Question: What’s the secret to going on the lam as an anti-government global superstar and getting set up in a nice, cushy exile in a country that’s a rival to your own?

Answer: Be a keyboard-tapping, suburban-raised White guy who gives away national secrets and then puts a “patriotic” spin on it. You’ll lock in big-conference speaking stints over an encrypted Skype feed and get a prime-time interview on network news, and the federal government might even consider offering you a sweetheart plea deal while you’re at it.

At least that’s what the Washington Post’s intelligence insider, David Ignatius, managed to pry from the intelligence community recently about Edward Snowden, quoting a source saying, “If he came back and told everything he knows, then perhaps some accommodation could be reached.”

It’s something that Snowden himself alluded to in his recent interview with NBC News’ Brian Williams, and it’s a “discussion” that National Security Agency Deputy Director Rick Ledgett suggested might be entertained when he was backed into it by zealous techies looking to shield Snowden from the clutches of embarrassed G-men.

And if that plea deal ever happens, it’ll be a little bit like the 15-month slap on the wrist that was handed out to Piper Kerman – the real-life memoirist on whose experiences the hit Netflix series “Orange Is the New Black” is based – especially when compared with the 24 years that a similarly situated Black woman, Kemba Smith, got for pretty much the same crime. Kerman got a show, and Oliver Stone just announced plans for a biopic about Snowden.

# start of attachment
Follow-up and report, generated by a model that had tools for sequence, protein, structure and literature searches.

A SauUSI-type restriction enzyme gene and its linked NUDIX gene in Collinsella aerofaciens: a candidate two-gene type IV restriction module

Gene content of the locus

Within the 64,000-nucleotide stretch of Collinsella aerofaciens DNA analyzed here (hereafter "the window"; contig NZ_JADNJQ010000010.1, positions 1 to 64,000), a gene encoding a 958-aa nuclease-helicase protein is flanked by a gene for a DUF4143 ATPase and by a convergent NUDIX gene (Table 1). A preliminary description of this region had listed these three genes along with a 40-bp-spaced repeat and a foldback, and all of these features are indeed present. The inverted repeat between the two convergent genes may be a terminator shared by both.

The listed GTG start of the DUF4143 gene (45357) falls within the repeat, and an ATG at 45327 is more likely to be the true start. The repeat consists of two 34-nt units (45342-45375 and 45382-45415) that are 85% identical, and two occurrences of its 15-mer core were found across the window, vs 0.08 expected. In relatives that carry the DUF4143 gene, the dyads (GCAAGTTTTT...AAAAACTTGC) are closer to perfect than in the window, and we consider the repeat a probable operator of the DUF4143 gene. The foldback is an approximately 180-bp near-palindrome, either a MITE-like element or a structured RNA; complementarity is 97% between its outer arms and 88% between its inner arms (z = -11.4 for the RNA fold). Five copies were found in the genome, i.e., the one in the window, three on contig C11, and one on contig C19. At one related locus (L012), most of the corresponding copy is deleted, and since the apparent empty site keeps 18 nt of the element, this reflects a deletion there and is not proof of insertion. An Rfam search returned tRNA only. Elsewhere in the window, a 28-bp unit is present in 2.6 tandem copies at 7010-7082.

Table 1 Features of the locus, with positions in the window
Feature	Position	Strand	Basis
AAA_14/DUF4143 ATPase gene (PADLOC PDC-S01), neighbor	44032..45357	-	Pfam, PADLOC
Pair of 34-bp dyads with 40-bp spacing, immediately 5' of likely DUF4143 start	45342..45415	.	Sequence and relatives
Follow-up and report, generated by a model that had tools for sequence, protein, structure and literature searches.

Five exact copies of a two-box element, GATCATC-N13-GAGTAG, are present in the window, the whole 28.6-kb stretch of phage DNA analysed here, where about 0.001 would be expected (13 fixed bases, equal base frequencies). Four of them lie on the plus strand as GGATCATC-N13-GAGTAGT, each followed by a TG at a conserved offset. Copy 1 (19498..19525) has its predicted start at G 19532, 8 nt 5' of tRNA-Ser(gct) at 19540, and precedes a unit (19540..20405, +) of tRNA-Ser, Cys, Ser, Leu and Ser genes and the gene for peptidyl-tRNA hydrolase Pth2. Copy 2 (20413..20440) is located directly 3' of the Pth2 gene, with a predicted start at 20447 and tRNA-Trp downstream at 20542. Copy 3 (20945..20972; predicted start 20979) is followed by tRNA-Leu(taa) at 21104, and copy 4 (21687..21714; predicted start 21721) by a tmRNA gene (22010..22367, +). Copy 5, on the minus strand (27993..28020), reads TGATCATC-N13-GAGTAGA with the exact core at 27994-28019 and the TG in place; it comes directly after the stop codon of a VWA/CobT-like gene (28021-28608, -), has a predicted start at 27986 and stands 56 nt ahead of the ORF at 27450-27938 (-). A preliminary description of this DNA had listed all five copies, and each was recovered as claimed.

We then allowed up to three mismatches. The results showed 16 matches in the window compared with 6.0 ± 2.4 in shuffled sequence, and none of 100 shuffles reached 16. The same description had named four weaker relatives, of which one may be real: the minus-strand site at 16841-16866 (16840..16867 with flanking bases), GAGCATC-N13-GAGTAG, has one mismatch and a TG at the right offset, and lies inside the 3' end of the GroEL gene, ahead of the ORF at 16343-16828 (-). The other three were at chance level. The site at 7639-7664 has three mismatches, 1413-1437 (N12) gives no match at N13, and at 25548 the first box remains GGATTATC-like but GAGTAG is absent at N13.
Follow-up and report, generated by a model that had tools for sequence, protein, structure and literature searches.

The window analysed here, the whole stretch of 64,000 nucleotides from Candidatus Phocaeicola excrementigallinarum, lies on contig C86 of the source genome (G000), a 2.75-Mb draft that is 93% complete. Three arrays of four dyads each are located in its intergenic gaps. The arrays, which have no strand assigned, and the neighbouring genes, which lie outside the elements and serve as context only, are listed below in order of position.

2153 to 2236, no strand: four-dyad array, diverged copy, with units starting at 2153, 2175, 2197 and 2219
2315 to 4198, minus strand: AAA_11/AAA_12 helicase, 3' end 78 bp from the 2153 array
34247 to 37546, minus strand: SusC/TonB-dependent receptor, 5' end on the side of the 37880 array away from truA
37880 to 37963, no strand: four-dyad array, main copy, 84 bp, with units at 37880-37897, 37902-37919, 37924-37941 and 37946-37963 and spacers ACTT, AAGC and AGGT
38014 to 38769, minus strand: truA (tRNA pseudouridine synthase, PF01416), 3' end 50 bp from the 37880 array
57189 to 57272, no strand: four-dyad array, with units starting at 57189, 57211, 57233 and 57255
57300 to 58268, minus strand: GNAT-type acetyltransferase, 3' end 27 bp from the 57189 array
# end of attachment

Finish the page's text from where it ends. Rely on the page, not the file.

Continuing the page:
Smith can’t even get a Lifetime movie.

With the early talk of a deal for Snowden, I can’t help comparing his situation with that of nonwhite anti-government “revolutionaries” who have been in similar tough spots. If Snowden were Black and exiled in another country, not only would any talk of a plea be actively dismissed, but he’d be openly ridiculed and spat on as a treacherous militant.


Pete O’Neal as depicted in the film A Panther in Africa.…

Just contrast his story with that of former Kansas City, Mo., Black Panther Party Chairman Pete O’Neal, who is permanently exiled in Tanzania after fleeing a 1969 conviction for transporting a shotgun across state lines. And though his cousin, Rep. Emanuel Cleaver (D-Mo.), has exhausted all channels for a plea or clemency deal, you won’t be hearing about that coming to pass anytime soon.

It’s a double standard. A Black revolutionary draws no sympathy when lined up against the big-data play of White geek Snowden, who has a fairly large reservoir of supporters who say he did the right thing. The difference in Snowden’s case is that he used much more sophisticated technological tools and tactics. But if the government’s claim – that Snowden’s actions placed an entire nation and its allies at risk – is true, then why would he get a deal when the guy who took a shotgun across state lines won’t?

(Charles D. Ellison is a veteran political strategist and regular contributor to The Root. He is also Washington correspondent for the Philadelphia Tribune and chief political correspondent for Uptown magazine. Follow him on Twitter.)

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